10.  Microsomal epoxide hydrolase, glutathione S‐transferase P1, traffic and childhood asthma 
Thorax  2007;62(12):1050-1057.
Microsomal epoxide hydrolase (EPHX1) metabolises xenobiotics including polyaromatic hydrocarbons (PAHs). Functional variants at this locus have been associated with respiratory diseases. The effects of EPHX1 variants may depend upon exposures from tobacco smoke and traffic emissions that contain PAHs as well as variants in other enzymes in the PAH metabolic pathway such as glutathione S‐transferase (GST) genes. A study was undertaken to investigate associations of variants in EPHX1, GSTM1, GSTP1 and GSTT1 with asthma and the relationships between asthma, EPHX1 metabolic phenotypes and exposure to sources of PAHs.
Odds ratios (ORs) and 95% confidence intervals (CIs) were computed to estimate the associations of genetic variants and exposures with asthma phenotypes using data from 3124 children from the Children's Health Study.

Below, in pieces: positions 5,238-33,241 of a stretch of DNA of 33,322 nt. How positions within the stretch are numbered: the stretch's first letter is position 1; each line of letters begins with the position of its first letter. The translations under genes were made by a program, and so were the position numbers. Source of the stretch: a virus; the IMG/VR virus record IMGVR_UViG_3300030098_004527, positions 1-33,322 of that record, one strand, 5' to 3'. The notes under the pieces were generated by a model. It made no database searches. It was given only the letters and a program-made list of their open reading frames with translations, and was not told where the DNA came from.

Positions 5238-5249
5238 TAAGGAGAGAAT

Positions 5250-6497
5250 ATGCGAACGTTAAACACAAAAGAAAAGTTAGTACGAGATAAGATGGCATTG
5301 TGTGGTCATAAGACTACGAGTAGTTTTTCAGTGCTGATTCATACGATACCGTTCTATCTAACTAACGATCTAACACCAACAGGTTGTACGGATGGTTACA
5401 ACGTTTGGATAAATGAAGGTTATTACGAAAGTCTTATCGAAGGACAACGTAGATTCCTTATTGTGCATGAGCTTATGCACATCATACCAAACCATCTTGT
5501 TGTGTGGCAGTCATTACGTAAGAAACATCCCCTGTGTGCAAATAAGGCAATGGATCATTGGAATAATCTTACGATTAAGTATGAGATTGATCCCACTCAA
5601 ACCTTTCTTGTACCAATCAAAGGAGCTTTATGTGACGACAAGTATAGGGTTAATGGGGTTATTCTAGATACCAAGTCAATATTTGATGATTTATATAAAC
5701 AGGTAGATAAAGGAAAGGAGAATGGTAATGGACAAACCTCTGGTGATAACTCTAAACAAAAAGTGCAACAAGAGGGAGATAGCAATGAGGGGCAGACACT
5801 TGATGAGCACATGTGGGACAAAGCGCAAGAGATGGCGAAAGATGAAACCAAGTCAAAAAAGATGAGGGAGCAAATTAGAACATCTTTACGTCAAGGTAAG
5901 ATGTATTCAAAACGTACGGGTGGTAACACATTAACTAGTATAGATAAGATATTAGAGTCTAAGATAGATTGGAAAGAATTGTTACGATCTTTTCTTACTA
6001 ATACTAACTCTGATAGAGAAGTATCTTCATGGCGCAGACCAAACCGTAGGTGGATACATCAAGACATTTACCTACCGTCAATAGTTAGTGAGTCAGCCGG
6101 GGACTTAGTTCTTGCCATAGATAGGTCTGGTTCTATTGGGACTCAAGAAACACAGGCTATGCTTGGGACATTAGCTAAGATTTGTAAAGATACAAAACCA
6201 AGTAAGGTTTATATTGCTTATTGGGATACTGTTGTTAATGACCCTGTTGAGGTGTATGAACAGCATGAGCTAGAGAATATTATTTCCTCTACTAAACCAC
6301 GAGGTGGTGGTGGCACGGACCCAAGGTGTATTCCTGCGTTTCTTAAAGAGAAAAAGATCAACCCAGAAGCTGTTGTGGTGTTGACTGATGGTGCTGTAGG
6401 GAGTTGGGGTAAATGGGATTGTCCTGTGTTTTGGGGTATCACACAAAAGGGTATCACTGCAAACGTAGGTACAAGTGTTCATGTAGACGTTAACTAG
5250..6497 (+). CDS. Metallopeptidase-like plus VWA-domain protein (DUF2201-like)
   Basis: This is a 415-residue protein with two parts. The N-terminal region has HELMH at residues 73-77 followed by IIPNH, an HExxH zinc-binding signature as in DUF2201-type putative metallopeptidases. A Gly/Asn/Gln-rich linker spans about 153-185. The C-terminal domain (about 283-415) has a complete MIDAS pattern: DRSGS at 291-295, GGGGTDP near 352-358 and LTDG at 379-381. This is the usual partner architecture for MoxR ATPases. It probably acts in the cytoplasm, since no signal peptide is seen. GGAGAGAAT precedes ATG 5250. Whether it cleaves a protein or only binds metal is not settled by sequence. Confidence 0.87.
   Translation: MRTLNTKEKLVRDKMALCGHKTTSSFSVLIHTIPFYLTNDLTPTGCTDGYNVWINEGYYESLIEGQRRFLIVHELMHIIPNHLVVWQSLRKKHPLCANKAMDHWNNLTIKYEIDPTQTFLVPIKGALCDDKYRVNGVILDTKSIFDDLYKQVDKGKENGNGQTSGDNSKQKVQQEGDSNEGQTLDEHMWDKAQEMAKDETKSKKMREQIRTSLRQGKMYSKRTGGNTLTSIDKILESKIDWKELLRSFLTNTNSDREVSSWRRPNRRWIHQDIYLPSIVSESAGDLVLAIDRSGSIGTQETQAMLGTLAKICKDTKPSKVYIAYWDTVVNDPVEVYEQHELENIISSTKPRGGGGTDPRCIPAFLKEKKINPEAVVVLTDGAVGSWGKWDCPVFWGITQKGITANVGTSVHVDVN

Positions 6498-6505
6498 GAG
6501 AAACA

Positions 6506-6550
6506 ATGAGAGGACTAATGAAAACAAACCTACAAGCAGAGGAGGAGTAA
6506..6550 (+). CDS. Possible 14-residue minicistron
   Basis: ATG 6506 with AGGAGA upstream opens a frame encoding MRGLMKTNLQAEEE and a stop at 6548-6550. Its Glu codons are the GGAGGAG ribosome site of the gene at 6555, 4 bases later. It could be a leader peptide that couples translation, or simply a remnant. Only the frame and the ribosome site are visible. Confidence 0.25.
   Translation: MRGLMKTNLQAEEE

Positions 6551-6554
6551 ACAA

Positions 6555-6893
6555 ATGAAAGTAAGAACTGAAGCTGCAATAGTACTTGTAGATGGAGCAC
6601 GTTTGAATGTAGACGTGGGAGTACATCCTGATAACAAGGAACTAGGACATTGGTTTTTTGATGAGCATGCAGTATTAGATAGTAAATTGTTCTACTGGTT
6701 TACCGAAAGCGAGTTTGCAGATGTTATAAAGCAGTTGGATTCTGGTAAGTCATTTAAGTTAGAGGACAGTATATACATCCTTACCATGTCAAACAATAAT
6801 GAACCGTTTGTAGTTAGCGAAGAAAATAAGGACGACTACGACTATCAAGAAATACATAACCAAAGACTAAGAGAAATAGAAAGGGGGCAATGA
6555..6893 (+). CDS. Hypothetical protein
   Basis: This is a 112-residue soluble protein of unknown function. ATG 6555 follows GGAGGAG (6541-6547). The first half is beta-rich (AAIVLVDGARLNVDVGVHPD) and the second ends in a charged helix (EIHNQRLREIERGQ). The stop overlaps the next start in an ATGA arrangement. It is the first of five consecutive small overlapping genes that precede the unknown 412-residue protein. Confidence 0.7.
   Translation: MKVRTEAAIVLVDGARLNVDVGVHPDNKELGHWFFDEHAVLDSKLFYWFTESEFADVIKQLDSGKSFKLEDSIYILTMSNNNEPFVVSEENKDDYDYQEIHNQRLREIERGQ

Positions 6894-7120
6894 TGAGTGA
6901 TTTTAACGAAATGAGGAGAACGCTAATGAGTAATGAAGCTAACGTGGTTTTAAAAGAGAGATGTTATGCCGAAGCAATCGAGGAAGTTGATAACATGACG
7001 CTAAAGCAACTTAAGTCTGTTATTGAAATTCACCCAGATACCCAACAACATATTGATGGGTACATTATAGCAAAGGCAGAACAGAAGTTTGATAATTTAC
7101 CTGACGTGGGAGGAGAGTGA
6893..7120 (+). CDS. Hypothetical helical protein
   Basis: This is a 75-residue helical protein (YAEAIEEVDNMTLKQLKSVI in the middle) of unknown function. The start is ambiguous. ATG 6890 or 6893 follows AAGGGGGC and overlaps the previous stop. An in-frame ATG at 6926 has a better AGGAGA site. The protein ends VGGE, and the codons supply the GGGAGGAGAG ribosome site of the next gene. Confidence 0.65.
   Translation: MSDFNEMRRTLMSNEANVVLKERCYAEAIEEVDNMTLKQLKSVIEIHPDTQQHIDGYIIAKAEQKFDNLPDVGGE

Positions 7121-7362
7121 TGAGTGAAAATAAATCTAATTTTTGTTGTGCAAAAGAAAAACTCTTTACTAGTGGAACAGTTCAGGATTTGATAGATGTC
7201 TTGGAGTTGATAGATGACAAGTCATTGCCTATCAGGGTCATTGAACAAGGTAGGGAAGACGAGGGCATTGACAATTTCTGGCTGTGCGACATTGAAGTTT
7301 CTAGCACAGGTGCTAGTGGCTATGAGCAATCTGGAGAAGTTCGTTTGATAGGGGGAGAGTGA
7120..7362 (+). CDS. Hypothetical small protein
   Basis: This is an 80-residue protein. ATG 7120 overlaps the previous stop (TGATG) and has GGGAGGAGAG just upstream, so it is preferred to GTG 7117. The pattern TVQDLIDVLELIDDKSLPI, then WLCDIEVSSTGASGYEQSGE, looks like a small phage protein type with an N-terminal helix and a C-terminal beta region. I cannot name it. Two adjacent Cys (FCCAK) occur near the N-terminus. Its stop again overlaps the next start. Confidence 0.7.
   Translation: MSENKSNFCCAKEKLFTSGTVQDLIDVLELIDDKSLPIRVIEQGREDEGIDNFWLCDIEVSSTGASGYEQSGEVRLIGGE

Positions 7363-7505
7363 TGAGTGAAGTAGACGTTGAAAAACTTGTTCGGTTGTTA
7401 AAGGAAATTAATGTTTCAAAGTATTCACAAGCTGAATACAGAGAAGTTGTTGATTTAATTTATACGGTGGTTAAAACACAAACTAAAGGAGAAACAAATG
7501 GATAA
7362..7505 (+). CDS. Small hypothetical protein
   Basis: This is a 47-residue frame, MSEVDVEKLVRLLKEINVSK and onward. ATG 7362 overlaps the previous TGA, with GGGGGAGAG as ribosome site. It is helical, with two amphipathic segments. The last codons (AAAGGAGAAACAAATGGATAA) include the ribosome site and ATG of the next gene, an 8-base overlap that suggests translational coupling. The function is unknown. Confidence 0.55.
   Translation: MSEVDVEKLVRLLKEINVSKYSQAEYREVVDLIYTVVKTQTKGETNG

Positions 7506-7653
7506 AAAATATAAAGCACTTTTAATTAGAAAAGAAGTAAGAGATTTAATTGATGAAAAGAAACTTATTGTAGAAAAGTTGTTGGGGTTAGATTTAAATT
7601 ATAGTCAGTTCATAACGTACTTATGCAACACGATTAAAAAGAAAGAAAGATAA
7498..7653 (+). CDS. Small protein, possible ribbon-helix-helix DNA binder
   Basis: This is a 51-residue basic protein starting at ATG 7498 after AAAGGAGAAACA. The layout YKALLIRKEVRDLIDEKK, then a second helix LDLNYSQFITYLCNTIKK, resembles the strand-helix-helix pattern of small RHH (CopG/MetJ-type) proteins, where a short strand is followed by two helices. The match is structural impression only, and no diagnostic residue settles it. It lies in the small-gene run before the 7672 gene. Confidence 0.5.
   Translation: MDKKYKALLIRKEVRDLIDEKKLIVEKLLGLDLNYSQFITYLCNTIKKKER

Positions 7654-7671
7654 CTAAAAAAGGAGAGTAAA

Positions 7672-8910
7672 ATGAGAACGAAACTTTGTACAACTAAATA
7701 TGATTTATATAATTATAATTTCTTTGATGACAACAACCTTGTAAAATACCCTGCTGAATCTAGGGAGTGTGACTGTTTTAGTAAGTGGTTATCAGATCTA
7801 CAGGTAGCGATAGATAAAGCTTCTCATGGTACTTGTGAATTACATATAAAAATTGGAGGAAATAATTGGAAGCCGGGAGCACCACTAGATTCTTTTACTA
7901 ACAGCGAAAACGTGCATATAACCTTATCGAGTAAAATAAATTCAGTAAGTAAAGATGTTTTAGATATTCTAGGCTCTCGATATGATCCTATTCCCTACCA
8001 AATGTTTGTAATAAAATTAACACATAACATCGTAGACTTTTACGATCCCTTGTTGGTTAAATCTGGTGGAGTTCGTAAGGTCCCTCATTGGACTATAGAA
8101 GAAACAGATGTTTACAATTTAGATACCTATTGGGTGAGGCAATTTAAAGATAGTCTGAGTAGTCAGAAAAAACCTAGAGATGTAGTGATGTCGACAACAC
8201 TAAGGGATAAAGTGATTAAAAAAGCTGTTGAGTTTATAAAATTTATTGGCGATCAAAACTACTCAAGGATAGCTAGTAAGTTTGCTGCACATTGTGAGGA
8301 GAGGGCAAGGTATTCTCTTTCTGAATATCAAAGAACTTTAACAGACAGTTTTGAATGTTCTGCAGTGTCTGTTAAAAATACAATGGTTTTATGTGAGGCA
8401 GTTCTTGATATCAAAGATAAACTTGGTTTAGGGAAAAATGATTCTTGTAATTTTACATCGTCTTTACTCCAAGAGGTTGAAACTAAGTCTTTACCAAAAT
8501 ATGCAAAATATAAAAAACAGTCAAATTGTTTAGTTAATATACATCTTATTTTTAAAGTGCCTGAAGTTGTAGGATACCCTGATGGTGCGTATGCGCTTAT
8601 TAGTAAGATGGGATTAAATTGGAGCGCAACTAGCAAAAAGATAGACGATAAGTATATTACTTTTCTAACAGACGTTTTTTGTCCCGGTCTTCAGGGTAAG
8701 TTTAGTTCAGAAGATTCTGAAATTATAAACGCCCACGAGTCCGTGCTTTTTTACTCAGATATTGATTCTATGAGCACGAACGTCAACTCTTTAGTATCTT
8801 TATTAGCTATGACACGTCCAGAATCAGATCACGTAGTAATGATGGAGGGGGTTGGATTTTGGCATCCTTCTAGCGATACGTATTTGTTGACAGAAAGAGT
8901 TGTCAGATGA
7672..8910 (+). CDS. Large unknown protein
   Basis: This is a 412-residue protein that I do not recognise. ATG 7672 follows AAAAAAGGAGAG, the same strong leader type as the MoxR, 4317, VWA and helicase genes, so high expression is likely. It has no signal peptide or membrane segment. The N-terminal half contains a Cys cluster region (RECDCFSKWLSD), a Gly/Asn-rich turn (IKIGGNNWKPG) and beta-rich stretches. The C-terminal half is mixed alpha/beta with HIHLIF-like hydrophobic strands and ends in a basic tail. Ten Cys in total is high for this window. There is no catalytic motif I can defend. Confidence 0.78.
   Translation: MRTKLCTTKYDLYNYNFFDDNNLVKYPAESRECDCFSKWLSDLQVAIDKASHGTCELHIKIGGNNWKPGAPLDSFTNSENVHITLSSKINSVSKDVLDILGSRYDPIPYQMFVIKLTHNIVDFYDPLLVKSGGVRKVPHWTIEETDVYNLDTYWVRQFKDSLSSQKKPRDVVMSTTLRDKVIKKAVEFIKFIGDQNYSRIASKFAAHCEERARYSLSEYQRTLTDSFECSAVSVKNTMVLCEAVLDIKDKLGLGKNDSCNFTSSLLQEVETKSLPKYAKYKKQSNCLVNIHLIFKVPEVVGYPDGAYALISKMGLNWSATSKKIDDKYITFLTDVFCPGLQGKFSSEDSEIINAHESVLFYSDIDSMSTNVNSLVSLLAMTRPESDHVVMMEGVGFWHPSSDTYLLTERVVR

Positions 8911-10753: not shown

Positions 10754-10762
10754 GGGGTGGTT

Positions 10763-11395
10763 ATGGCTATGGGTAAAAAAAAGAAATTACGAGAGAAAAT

High EPHX1 activity was associated with an increased risk for lifetime asthma (OR 1.51, 95% CI 1.14 to 1.98) which varied by GSTP1 Ile105Val genotype and by residential proximity to major roads (p for interaction = 0.006 and 0.03, respectively). Among children with GSTP1 105Val/Val genotype, those who had high EPHX1 phenotype had a fourfold (95% CI 1.97 to 8.16) increased risk of lifetime asthma than children with low/intermediate EPHX1 phenotype. Among children living within 75 metres of a major road, those with high EPHX1 activity had a 3.2‐fold (95% CI 1.75 to 6.00) higher lifetime asthma risk than those with low/intermediate activity. The results were similar for current, early persistent and late onset asthma. Children with high EPHX1 phenotype, GSTP1 Val/Val genotype who lived <75 metres from a major road were at the highest asthma risk.